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Decorations Revealed on Conserved Spanish Armor

Thursday, November 1, 2018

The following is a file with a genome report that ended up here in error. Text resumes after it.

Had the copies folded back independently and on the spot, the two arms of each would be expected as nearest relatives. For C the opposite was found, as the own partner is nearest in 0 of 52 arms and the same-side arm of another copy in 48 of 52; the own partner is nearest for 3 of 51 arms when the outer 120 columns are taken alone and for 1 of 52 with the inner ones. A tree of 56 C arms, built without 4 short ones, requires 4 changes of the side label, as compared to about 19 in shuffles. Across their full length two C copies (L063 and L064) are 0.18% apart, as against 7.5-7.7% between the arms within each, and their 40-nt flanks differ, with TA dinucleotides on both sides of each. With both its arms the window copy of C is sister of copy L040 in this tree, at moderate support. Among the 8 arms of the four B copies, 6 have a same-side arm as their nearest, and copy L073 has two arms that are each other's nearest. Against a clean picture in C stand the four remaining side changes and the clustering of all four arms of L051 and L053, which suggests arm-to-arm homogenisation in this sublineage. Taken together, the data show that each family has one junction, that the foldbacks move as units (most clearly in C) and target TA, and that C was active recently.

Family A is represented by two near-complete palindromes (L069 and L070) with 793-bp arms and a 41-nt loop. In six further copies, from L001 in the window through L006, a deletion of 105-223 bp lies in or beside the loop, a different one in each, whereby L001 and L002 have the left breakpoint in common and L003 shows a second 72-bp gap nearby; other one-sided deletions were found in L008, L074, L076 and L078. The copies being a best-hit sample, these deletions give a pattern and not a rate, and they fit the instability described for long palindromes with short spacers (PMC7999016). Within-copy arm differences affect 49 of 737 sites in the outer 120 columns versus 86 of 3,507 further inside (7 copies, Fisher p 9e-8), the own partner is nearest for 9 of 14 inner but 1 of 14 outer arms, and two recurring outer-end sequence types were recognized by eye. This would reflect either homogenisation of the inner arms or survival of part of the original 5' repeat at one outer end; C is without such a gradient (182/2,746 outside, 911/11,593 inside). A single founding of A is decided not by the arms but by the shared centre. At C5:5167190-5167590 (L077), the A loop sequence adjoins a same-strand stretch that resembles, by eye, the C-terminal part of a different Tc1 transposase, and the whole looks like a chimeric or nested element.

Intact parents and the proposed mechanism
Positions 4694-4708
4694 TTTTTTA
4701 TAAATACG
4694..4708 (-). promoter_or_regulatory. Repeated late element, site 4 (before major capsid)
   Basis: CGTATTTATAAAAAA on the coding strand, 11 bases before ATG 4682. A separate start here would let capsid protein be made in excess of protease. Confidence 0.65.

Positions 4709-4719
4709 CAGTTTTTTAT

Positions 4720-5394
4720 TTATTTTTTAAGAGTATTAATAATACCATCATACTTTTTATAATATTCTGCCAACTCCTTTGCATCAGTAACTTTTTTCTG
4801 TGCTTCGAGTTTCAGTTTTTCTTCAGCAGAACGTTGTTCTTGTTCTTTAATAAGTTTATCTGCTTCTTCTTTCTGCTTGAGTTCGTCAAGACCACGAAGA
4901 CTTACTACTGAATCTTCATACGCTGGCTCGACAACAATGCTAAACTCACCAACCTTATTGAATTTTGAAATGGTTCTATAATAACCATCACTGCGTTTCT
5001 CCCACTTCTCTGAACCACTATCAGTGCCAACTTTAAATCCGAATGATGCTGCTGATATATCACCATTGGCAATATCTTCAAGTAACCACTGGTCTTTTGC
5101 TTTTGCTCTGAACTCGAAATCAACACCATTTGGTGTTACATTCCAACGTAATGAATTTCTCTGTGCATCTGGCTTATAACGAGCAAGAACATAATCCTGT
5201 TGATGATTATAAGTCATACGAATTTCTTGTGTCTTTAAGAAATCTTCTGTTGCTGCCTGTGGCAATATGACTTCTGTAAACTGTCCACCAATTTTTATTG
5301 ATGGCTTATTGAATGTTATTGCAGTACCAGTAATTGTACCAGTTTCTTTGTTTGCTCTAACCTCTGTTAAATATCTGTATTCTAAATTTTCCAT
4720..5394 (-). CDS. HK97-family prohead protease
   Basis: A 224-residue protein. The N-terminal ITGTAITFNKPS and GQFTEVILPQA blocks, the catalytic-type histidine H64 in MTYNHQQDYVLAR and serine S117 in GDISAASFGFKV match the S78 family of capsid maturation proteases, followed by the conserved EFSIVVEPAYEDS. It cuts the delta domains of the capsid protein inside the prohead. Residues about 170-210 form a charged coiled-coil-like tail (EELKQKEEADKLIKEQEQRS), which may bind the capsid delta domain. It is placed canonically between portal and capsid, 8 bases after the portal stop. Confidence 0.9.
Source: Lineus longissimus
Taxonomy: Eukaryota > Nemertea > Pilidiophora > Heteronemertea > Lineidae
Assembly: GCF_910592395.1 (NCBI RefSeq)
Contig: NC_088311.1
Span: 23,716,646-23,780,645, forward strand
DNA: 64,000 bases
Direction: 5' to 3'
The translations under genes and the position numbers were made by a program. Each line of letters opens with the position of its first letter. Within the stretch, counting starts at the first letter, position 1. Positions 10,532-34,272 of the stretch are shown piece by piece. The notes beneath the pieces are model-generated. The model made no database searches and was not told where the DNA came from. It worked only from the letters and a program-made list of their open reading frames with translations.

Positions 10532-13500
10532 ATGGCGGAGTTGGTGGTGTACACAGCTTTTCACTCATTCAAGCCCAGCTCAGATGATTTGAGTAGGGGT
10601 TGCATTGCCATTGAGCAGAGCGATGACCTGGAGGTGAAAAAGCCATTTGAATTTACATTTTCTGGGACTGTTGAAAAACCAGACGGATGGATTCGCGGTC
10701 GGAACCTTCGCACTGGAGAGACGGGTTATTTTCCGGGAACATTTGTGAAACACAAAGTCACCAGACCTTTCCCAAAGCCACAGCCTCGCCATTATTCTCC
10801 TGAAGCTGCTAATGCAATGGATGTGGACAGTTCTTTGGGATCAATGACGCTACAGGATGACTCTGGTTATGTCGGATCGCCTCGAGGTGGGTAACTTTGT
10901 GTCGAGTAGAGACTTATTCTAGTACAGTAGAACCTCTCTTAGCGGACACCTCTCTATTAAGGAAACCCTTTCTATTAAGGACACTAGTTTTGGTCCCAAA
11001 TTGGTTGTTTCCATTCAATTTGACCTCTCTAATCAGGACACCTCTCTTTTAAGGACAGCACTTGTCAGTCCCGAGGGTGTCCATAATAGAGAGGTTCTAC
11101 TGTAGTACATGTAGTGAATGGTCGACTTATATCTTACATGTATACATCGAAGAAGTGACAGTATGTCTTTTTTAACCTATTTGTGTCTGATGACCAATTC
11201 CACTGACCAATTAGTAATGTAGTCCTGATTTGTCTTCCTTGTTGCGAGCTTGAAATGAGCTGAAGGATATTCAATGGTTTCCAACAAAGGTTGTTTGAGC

Florida Spanish BreastplatePENSACOLA, FLORIDA—The Pensacola News Journal reports that conservation of a Spanish breastplate that dates back at least 450 years has revealed decorative details on its surface. Recovered from the site of the Emanuel Point I shipwreck in 1996, the armor is thought to have been worn by a conquistador in Tristan de Luna’s army in 1559. At the time, the armor was probably about one-tenth to one-quarter of an inch thick. Now, after years underwater, the iron has been converted into iron sulfide measuring only about one-fiftieth of an inch thick. Concretions on its surface, however, measuring up to three inches thick preserved its shape. John Bratten of the University of West Florida said he poured epoxy into the back of the armor and left it to harden for several years to make a cast. Student James Gazaway has continued to clean and conserve the breastplate over the past year. “Right around the neckline there’s four parallel rows of lines about one millimeter apart,” he said. “Very precise, definitely inscribed, and part of the original decoration work on the piece.” To read in-depth about exploration of a shipwreck in the Gulf of Mexico, go to “All Hands on Deck.”

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